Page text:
In celebration of the upcoming graduation of Echo 12 on Saturday July 29, Church Life will feature interviews with select Echo alumni.
Today’s interview is with Michelle Ross, of Echo 10, who served as an apprentice for the Archdiocese of Galveston-Houston at Christ the Redeemer Parish. For the past two years she has Served at Nativity Catholic Church in Indianapolis as the Director of Religious Education and Pastoral Associate.
CL: How do you see yourself renewing the Catholic imagination through your work?
MR: My understanding of the Catholic Imagination is as a way of living and growing creatively in the truth offered to us through a personal relationship with Christ and his Church. When we awaken the Catholic Imagination we can dream and, in a way, play with the rich beauty and history of the teachings and tradition of the Church so that our encounter with Christ is lifted up and made present for the world.
A lot of my energy at Nativity is poured into sparking the Catholic Imagination in our parishioners, friends and family. I want them to trust that God is speaking to them uniquely and inviting them to share their relationship with others in a creative way. I try to orient all that Nativity offers through the Faith Formation Office towards an integration of relationship, knowledge of Jesus and self, and communal growth. But, the biggest hurdle for our parishioners, and I also believe of the Church in the U.S., is that we feel we are not equipped to “go into the whole world and proclaim the gospel,” so we fail to even try. Our personal hurdles have prevented us—the church of Nativity and the broader church—from sharing the good news.
CL: What has shaped your own Catholic imagination? How do you continue to nourish your imagination?
MR: I certainly include myself in this need for renewal, because I failed to allow my Catholic Imagination to be sparked and shared until I began formation with the Echo program. Upon entering an academic and holistic formation setting without any prior intentional formation, I was challenged daily to let God speak to me and to then nourish others, no matter how little I felt I knew or was sharing.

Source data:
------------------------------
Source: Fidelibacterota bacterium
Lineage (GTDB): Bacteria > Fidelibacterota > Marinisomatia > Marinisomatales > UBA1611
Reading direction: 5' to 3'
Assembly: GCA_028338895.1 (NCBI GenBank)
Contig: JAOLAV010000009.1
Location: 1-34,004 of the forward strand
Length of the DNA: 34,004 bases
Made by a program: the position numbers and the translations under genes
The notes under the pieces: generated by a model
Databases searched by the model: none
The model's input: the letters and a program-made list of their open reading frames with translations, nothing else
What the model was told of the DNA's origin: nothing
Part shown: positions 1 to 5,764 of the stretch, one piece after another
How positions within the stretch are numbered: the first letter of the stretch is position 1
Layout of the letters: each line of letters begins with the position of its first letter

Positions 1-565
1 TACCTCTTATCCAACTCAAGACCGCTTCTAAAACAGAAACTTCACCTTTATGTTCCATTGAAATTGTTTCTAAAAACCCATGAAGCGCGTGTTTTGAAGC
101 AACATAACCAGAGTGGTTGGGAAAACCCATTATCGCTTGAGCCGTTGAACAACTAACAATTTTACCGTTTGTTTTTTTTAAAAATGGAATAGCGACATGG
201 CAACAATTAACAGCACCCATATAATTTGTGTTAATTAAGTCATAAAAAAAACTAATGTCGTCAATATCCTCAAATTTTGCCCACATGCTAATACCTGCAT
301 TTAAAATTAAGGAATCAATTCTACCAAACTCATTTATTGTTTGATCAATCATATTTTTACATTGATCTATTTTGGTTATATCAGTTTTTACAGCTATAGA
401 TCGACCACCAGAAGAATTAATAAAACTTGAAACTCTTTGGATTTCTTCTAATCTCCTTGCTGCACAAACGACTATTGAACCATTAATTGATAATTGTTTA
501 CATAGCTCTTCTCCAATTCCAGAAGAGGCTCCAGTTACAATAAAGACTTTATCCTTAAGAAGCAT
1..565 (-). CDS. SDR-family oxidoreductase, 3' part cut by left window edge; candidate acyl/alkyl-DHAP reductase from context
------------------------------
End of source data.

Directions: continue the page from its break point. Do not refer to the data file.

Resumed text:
There were many moments of frustration, similar to the frustrations I now see in the parishioners I serve, in that I felt I was not qualified for the work I was being invited into. I was invited to trust that God was using me in a way that I could not see myself. Through the love and patience of my community members, classmates and the Echo staff I gradually came to grow in my ability to nourish my own imagination and that of others.
The tools that I was given during my time with Echo have continued to (re)nourish my imagination each day post-graduation. Echo sparked a desire within me to commit time to daily prayer and reading of the scriptures, regular reading of academic material, and to share with others what I have discovered in my own journey with Christ.
CL: Where do you see a need for a renewed Catholic imagination within the Church?
MR: In reflecting on the community I serve at Nativity and my own family, I see a great need to nourish the Catholic Imagination in the Domestic Church, the small Church communities we find in the home. Parents often come to me, either interested in registering their child for faith formation, sacrament preparation or to inquiry about beginning preparation for initiation into the Catholic Church through RCIA (the Rite of Christian Initiation for Adults). Almost always, the parent is interested in coming to the church for this formation because they feel the same inadequacy I have previously described. I view my work at Nativity is to empower these parents to serve as first catechists, as they are called to by our Church to do.
The work I do with these families makes me wonder what the prayer of our Church, our outreach, and our relationship with the world would look like if we were committed to nourishing the Catholic imagination.
CL: What tips and tools would you recommend for others serving the Church who aspire to renew the Catholic imagination?
MR: The best tool I could offer those serving the Church is the advice I offer to the catechists at Nativity – we must first, as individuals, commit to a life of discipleship. We must first model the behaviors, relationship and devotion we want to nourish in those we serve. And, we must be open to sharing with all we encounter the work God is doing in our lives.
If we truly wish to renew the Catholic Imagination share the good news, we must allow others to see in us what we are asking of them. We must live creatively within the truth of the gospel.
Photos Courtesy of McGrath Institute for Church Life